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E 467 


.057 C8 

Copy ^ 


in History of Second Army Corps. 



General Walker, in his " History of the Second Army- 
Corps," has done a great wrong to General Joshua T. Owen, 
who commanded the " Philadelphia Brigade " in the Army 
of the Potomac. In a ^oot note which appears on page 479, he 
says : " Brigadier General Joshua T. Owen was placed in arrest 
by General Gibbon. He was subsequently mustered out under 
charges of misconduct." 

Again on page 480: "In order fully to develop the 
enemy's new position, General Gibbon was instructed to send 
forward a brigade, and for this purpose selected that of 
Owen; but, this commander being in arrest, he looked around 
for General Carroll to ask him,jto take the command," etc., etc. 

Now, the fact is, that General Owen was not placed in 
arrest until a much later period, a*nd then not for" misconduct" 
but for " disobedience of orders." " Misconduct," in army 
parlance, may mean cowardice in presence of the enemy. 
General Owen does not suppose that General Walker meant 
to represent that even General Gibbon charged him with 
cowardice, but the language used in the foot note will bear 
that construction. Disobedience of orders may arise from mis- 
interpretation of them, or some error in their transmission 
through the staff, or even their'not being received in time, and 
it may not involve any miscondnct at all. 

To say the least of it. General Walker was guilty of gross 
carelessness, when he essayed to depart from his direct course, 
and in so conspicuous a manner as by a foot-note, to cast a 

slur upon an officer of General Owen's rank and experience 
in the field ; he should at least have taken care to be accurate. 
That he was not so, is abundantly proven by his own recital of 
military movements which transpired subsequently, in which 
General Owen is represented as taking part. 

The matters which are described on page 479 have 
reference to the assault on the "Salient." It was well-known 
that General Owen was in command of his brigade on that 
day, and that his troops captured the apex of the " Salient," 
together with the two guns mounted on the east side of the 
" Salient," and which were turned upon the retreating enemy.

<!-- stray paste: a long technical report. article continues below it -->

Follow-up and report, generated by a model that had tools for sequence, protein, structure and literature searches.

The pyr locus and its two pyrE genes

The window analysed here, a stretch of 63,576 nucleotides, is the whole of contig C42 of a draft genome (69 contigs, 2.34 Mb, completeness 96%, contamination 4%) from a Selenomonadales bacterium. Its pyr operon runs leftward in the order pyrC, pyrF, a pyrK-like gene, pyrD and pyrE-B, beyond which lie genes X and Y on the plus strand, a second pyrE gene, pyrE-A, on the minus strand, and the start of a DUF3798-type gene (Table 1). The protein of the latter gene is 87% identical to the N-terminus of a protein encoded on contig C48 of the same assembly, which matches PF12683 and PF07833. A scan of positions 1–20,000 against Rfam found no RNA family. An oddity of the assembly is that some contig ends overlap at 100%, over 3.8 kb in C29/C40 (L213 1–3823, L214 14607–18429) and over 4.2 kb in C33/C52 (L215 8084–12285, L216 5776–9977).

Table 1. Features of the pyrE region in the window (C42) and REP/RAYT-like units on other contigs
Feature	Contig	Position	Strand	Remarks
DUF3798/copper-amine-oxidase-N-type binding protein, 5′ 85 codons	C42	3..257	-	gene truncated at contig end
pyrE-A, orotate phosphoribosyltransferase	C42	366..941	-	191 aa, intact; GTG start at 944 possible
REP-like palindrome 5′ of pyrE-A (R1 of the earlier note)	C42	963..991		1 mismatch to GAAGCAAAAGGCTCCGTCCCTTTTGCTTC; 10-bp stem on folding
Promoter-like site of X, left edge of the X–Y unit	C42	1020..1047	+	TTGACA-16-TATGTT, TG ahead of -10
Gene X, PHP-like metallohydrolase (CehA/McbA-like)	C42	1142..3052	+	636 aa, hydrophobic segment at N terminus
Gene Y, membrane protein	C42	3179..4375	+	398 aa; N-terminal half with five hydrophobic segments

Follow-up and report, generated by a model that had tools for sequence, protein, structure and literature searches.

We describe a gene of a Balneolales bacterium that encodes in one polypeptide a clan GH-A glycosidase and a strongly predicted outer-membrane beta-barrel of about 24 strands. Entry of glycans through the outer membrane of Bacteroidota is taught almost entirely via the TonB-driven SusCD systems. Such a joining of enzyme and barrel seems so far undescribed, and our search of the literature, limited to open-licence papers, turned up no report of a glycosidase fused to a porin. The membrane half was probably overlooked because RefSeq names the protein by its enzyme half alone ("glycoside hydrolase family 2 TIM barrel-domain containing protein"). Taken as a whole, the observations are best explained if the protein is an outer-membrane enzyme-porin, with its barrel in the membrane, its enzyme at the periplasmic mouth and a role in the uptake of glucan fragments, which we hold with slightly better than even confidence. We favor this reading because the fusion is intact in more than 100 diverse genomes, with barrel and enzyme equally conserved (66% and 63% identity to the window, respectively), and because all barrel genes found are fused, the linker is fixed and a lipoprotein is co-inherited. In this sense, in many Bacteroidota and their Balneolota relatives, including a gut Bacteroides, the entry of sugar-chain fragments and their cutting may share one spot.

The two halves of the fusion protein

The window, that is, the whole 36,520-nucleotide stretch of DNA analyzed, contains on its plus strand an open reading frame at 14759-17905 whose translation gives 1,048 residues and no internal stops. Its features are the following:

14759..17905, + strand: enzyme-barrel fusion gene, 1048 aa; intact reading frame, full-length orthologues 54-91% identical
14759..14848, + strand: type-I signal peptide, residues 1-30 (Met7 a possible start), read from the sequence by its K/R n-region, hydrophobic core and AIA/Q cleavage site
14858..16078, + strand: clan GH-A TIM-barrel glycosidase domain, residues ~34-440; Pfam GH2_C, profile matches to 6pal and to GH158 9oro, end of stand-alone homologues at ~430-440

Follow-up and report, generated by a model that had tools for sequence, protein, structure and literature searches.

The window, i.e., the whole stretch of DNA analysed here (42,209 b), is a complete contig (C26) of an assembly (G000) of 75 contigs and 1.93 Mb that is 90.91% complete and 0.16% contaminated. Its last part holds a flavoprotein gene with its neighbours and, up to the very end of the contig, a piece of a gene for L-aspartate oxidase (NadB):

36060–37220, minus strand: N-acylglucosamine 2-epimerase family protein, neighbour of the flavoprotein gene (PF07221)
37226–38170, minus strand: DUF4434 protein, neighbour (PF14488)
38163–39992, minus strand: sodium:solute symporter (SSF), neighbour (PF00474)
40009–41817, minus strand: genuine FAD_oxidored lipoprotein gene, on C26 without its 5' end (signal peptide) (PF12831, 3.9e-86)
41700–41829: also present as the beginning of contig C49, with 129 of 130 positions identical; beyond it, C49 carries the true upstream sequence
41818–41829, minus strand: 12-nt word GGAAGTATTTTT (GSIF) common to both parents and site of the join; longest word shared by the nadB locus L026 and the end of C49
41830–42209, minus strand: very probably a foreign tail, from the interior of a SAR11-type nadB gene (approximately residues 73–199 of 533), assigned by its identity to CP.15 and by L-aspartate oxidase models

On the next day, when a demonstration was ordered on 
the enemy's position to ascertain its nature and the strength 
of his forces. General Owen was absent by permission of 
General Hancock, commanding the corps, to go to his head- 
quarter wagon, some distance in the rear, to procure a change 
of linen, and to brace up generally by taking a bath, etc., 
which he had not had the opportunity of doing for more than 
a week ; and there not appearing to be any immediate 
necessity for his presence. Nor will General Gibbon say that 
he was then in arrest. 

And so on down to Cold Harbor, General Walker 
continues to describe General Owen as taking part in all the 
preceding battles and skirmishes. How then could he be in 
arrest, for that involves the suspension of all official functions? 

Again, General Walker is in error when he says; " He 
was subsequently mustered out under charges of misconduct." 
He was not tried, and, therefore, in the eye of even military 

law, he was not guilty of the offences charged. General Gibbon 
did not press for trial, as he knew he would fail in his proof. 
The reason General Owen was mustered out was on account 
of the following request made by him, in consequence of 
repeated acts of injustice and oppression received at the hands 
of the division commander: 

Gen. Owen does not manifest any disposition to bring on 
a controversy either with Gen. Walker or his friend, Gen. 
Gibbon. But he stands ready to accept the gauge of battle, if 
either so wishes. There are still living some of the officers 
of the Second Corps, whose recollections of the stirring events 
of the war are as fresh and, it is believed, more reliable than 
those of this historian, and who are ever ready to vindicate a 
comrade, if unjustly assailed. " VINDEX." 

Headquarters Second Brigade, Second Div., Second Corps, 

At Cold Harbor, June 5, 1864. 

Colonel iind Assistant Adjutant General Second Corf's. 

Sir : — I have the honor to request that I may be trans- 
ferred to some other command, as I cannot consent to serve 
any longer under the present commander of the division. I 
do not feel that my reputation is secure whilst serving under 
him. If I cannot be transferred, then I request that my 
resignation be accepted, and I be mustered out of the service. 

Very respectfully, 


Brigadier General i'. S. I'alitnteers. 

Upon his forwarding this communication through division 
headquarters, — as he had to do, — General Gibbon was angered, 
and as he has always thought, and still thinks, he was placed 
in arrest because he made this request in the manner and 
form in which he did. He was placed in arrest on the 8th 
of June, and mustered out on the i8th of July, 1864, and not 
under charges, as the following official notice will prove : 

" Brigadier General Joshua T. Owen, U. S. Volunteers, 
was mustered out of service July 18, 1864." 

Adjutant General's Office, 

December 28, 1886. 




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